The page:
I’m not interested in this Nigerian restaurant’s emails…

Graham Cluley
@gcluley

I get a lot of unwanted email.

Okay, so many of us get unwanted email.

Sometimes it’s from colleagues who have cc’d us into a discussion that we really didn’t need to be copied on, or a thread that started off useful, interesting, or amusing, but which you’ve rapidly lost interest in.

And, of course, most of us are also being sent large volumes of spam. Fortunately, the majority of spam can be quite successfully blocked by your email provider… if you think you’re getting a lot of spam as it is, check your junk or spam folder and see what you’re *not* seeing in your inbox.

But there is also a type of email that doesn’t fall into the above categories. And I’m thinking specifically today of unwanted newsletters.

There are cockwombles out there who seem to have got large amounts of amusement signing up my email addresses for newsletters that I’m not interested in. And because these newsletters don’t do the decent thing of actually *checking* whether someone wanted to sign-up for a newsletter or not (via double opt-in) I keep receiving the newsletters unless I go to the effort of unsubscribing or writing a filter to automatically delete them.

Here’s an example I received in the last few days:

Subject: Get Chicken Sharwarma for Just 1,500 !!! Delivery Within Lagos. WhatsApp Direct Chat Link Inside

Message body:
Zaika Lupeju

Chicken Sharwarma For Just 1,500 Naira

To Place Order Call of WhatsApp <REDACTED>

Delivery Available

Well, it looks lovely – but a quick glance at the footer of the email reveals that this is an Indian and Chinese restaurant in Lagos, Nigeria. Just opposite the Fidelity Bank.

According to TripAdvisor, it’s the 24th best Chinese restaurant in Lagos (it lists a total of 30), and ranked 201st out of all of the 251 restaurants in the city. According to its website, Zaika Lupeju is open until 11pm or midnight each night of the week.

That’s all great – but I don’t think they’re going to deliver to me in Oxford, England, are they? Or if they did I’d have to give the delivery driver a stonking tip.

Zaika Lupeju should have confirmed that I really wanted to receive their newsletter. Unfortunately a surprising number of companies don’t bother, and some newsletter services (I’m looking at you Mailchimp) have cynically changed their default so that double opt-in isn’t enabled by default.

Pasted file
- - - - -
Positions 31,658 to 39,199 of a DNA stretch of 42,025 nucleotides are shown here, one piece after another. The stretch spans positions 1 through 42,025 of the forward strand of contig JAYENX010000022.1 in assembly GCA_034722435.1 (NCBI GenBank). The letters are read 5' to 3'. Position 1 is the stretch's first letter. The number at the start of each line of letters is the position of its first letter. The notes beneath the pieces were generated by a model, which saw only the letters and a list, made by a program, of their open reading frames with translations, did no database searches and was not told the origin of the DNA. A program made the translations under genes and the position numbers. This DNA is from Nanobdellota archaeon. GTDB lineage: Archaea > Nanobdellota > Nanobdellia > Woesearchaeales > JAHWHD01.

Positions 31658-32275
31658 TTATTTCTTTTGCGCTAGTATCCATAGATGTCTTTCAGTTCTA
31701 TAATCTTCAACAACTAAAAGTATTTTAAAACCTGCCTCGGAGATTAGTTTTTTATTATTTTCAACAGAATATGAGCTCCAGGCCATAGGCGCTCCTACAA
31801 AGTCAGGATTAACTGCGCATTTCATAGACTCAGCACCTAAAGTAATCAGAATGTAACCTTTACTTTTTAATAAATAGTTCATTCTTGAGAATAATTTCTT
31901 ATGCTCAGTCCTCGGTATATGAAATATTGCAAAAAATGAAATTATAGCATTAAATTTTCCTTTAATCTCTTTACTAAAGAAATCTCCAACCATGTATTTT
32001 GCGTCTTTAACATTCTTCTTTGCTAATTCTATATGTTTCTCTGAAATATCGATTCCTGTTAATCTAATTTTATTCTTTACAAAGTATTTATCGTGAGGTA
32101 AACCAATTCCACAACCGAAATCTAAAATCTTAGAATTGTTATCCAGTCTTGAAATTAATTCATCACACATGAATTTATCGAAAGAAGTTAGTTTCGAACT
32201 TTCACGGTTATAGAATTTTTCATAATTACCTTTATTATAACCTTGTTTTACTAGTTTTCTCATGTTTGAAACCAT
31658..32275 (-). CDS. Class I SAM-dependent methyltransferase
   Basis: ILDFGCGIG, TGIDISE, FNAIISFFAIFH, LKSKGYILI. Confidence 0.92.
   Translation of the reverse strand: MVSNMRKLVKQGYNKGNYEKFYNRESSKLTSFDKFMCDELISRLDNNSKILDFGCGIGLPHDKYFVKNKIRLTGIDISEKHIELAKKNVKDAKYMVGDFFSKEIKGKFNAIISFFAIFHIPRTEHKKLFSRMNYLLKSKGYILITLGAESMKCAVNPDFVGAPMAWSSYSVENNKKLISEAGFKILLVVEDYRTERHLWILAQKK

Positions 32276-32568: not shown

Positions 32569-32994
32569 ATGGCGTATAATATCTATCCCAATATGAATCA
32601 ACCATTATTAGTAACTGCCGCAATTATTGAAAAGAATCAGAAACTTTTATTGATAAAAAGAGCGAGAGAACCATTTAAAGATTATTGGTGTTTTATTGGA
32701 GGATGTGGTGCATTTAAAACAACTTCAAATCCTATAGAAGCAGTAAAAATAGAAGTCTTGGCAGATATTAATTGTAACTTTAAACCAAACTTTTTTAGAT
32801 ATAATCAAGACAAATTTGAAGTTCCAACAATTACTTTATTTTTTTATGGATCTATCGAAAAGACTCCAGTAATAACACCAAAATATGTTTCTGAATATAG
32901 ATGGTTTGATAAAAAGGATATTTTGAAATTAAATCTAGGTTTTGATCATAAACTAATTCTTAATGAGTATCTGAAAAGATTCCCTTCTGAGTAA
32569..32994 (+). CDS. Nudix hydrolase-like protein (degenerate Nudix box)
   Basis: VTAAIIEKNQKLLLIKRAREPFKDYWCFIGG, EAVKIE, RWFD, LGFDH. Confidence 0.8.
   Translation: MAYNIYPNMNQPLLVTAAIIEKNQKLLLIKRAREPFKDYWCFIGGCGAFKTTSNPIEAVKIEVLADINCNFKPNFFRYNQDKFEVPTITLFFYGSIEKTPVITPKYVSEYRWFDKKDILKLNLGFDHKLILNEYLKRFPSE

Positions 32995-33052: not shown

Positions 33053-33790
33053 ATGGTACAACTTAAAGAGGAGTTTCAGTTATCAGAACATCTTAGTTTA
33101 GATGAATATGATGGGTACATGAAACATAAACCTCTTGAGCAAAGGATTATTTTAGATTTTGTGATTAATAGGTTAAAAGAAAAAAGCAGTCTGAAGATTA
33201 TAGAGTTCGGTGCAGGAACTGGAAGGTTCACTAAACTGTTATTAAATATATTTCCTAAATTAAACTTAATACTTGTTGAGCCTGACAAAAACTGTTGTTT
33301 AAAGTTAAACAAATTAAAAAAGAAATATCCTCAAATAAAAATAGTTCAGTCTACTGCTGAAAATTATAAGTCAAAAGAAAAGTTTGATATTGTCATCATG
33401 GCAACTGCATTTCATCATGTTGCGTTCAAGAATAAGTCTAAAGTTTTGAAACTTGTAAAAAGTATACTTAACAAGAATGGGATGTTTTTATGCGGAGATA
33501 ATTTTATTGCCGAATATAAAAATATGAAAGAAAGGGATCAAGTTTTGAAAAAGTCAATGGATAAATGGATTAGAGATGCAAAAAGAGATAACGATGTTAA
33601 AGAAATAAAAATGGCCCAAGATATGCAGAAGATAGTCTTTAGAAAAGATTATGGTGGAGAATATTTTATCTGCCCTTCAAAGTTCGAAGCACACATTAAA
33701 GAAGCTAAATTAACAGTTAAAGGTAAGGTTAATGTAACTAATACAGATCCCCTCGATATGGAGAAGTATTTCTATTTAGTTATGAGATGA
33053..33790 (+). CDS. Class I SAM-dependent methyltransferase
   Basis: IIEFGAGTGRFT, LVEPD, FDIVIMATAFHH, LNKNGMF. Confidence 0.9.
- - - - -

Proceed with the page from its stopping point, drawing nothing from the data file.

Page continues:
Double opt-in refers to when a user has subscribed to a newsletter or other email marketing message by explicitly requesting it and *then* confirming their email address.

Typically this is done by sending a confirmation email to the address entered on the subscription form.

Double opt-in is great for people who want to run restaurants, like the Zaika Lupeju restaurant in Lagos, Nigeria. Because they can be sure that they’re only sending emails to people who are genuinely interested in buying food from them – and not piss off security bloggers in the UK.

Double opt-in is also great for regular internet users. You’re less likely to be sent as many newsletter updates the more that double opt-in is used.

But double opt-in is bad for mailing list services like Mailchimp, who can charge more money from their customers if their newsletters go to more people – regardless of whether those people have opted-in to receive an email or not.

That’s despite Mailchimp extolling the benefits of double opt-in until a few years ago:

How times have changed.

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By the way, Zaika Lupeju doesn’t use Mailchimp.

For the newsletter they sent me, offering a Chicken Shawarma deal if I was ever wandering past their restaurant in Nigeria, they used another mailing service called Mad Mimi. I checked, and Mad Mimi actually has double opt-in enabled by default for its users.

That’s good. But what’s disappointing is they also give customers the ability to disable double opt-in, which means that anyone could sign up anyone in the world to receive a newsletter from the Zaika Lupeju restaurant in Lagos.

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Graham Cluley is a veteran of the anti-virus industry having worked for a number of security companies since the early 1990s when he wrote the first ever version of Dr Solomon's Anti-Virus Toolkit for Windows. Now an independent security analyst, he regularly makes media appearances and is an international public speaker on the topic of computer security, hackers, and online privacy. Follow him on Twitter at @gcluley, or drop him an email.

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